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Complaints about Overseas Wedding & Photo Services: Lack of Quality Assurance with Consumers Bearing All the Risks
Getting married is a major life event and to make the wedding day memorable, some may choose to hold their wedding ceremonies or to take pre-wedding photographs abroad. However, complaints were occasionally lodged to the Consumer Council about failure to register marriage on the date planned; closure of the overseas photography company; frequent itinerary alternations; and quality of the photographs not meeting expectation, etc.
For those planning a destination wedding, it is essential to find out exactly the official procedures in the country where they hold their wedding ceremonies, including details such as office hours of the concerned departments, charges and the required documents. They should also seek legal or professional advice to ensure their marriage registered abroad will be legally recognised in Hong Kong. For overseas pre-wedding photography services, it is advisable for consumers to verify the shooting venues and their opening hours in advance. They should pay attention to the weather and traffic conditions when deciding an itinerary to allow sufficient time for transportation and other necessary preparatory work. Consumers should also compare different services by making reference to the comments and experience of their friends and relatives; and they may also consider seeking assistance from those friends and relatives residing there to organise the wedding ceremonies.
Traders are urged to adhere to the agreement and planned itinerary in realising the service contract, including the date of delivery and the responsibilities arising from alterations or cancellations of the services. For any changes to the agreed itinerary or service scope, traders should notify and consult the consumers as soon as possible.
Case 1: Frequent itinerary changes and location shots replaced by synthetic photos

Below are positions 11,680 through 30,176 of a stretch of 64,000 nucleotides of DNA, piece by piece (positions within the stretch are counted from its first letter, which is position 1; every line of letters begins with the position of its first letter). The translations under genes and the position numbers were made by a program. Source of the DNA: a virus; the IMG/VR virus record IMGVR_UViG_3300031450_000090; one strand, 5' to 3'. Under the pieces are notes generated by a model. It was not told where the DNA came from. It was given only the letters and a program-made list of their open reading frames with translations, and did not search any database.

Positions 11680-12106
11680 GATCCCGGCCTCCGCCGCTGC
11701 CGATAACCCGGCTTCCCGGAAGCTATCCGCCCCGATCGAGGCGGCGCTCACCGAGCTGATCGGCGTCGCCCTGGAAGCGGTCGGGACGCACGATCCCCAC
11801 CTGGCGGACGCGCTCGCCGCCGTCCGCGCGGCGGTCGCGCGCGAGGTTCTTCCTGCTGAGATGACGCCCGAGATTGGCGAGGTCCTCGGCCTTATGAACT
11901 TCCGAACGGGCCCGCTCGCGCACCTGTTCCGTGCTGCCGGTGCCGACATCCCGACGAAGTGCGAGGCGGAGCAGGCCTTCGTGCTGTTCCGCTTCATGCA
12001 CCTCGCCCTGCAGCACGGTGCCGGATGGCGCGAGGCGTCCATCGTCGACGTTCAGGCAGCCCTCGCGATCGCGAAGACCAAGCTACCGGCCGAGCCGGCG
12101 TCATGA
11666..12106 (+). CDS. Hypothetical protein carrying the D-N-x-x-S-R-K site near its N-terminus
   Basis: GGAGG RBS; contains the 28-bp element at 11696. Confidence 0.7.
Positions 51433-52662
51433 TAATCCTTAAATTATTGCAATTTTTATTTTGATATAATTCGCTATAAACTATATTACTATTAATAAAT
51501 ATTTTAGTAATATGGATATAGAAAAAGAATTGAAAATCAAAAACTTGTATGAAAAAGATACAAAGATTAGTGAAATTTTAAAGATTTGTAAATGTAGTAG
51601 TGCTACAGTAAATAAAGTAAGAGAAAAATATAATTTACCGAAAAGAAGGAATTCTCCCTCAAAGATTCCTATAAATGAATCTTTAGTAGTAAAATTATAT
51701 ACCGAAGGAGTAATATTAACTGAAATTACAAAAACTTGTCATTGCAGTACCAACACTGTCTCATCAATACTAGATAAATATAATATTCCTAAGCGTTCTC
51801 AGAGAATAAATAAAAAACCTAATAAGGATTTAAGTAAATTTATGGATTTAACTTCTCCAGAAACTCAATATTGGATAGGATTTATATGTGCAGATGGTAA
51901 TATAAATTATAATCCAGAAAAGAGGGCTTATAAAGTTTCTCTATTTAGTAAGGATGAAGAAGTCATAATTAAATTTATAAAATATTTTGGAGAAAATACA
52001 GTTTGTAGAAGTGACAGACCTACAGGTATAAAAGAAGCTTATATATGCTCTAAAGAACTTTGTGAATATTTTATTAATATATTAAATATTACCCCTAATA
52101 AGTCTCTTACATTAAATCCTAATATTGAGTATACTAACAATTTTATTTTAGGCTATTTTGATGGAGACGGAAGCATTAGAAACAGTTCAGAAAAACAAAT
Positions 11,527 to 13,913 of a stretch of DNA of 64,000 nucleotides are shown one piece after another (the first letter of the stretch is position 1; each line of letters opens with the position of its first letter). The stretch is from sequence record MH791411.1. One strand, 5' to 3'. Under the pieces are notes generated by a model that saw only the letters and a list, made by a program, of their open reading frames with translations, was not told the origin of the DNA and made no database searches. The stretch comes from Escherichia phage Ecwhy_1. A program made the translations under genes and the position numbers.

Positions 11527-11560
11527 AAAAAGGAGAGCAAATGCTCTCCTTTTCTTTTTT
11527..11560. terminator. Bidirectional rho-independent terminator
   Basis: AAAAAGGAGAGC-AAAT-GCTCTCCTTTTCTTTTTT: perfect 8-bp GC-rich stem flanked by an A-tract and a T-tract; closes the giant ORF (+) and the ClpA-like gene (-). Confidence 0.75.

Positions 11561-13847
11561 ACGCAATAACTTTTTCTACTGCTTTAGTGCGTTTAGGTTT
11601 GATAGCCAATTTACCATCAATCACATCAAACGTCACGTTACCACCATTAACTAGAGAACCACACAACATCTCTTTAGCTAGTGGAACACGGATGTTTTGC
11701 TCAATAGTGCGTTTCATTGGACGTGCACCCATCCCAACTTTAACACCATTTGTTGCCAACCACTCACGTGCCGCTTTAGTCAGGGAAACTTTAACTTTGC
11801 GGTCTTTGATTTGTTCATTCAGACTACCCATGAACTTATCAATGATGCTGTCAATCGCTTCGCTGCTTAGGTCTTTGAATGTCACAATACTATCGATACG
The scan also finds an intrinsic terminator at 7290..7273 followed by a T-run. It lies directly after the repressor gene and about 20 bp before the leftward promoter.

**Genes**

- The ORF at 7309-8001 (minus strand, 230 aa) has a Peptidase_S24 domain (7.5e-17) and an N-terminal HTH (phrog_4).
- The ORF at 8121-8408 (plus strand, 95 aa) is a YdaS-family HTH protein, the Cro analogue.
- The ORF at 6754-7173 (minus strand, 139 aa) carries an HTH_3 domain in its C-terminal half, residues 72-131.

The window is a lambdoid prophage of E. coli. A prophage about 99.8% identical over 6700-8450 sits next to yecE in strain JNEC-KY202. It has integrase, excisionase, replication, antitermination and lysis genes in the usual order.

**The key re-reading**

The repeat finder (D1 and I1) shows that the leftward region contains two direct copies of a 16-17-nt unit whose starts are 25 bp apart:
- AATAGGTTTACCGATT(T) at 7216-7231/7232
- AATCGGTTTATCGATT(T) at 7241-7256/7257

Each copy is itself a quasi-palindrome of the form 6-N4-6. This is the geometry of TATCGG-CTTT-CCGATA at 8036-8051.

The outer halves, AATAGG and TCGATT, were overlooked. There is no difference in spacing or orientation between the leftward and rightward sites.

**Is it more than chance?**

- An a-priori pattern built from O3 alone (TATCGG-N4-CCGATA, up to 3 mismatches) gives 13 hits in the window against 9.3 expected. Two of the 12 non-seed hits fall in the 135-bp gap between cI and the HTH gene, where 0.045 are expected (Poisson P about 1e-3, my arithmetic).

The complainant was offered a pre-wedding photography package in Iceland at a wedding fair by a staff member of Company A that included the production of a short aerial video for free. The complainant purchased the package and signed a contract worth about $30,000, which covered 7 shooting locations from the eastern to the western sides of Iceland. 2 months prior to departure, photographer notified the complainant that, since photo-shooting would take place in the early morning, they would start from central Iceland instead. The complainant then made a hotel reservation in central Iceland.
However, just a few days before the photo shooting, the photographer changed the shooting itinerary again. This time the photographer claimed it was to fit his another assignment in western Iceland the day before, and suggested the complainant to either change her hotel booking or drive on her own to meet him in western Iceland. As the hotel reservation could not be altered, and the complainant did not want to drive such a long way, she reluctantly opted to stay in the hotel to wait for the photographer.
The actual shooting was thus delayed and did not start until 11 am. The 8-hour itinerary eventually covered only 4 locations and there was also no aerial video shooting as promised. Upon complainant’s repeated queries, the photographer explained that it was too windy for aerial filming and offered to edit some existing aerial footage to include their images. As for the remaining locations, the photographer said synthetic photos would be used in lieu of actual location shots. The complainant later found the photos produced fell far short of the quality of the sample photos shown before the contract was signed, and the synthetic photos were hardly of a quality that justified flying all the way to Iceland for an actual location shooting. The complainant sought help from the Council to seek a reasonable refund from Company A.
Upon conciliation, Company A contended that it had completely fulfilled its obligations as stipulated in the contract and refused to refund but the company agreed to further touch up the photos for the photo album and production of oil painting. The complainant would consider pursuing her case in the Small Claims Tribunal.
Case 2: No marriage registration service due to local public holiday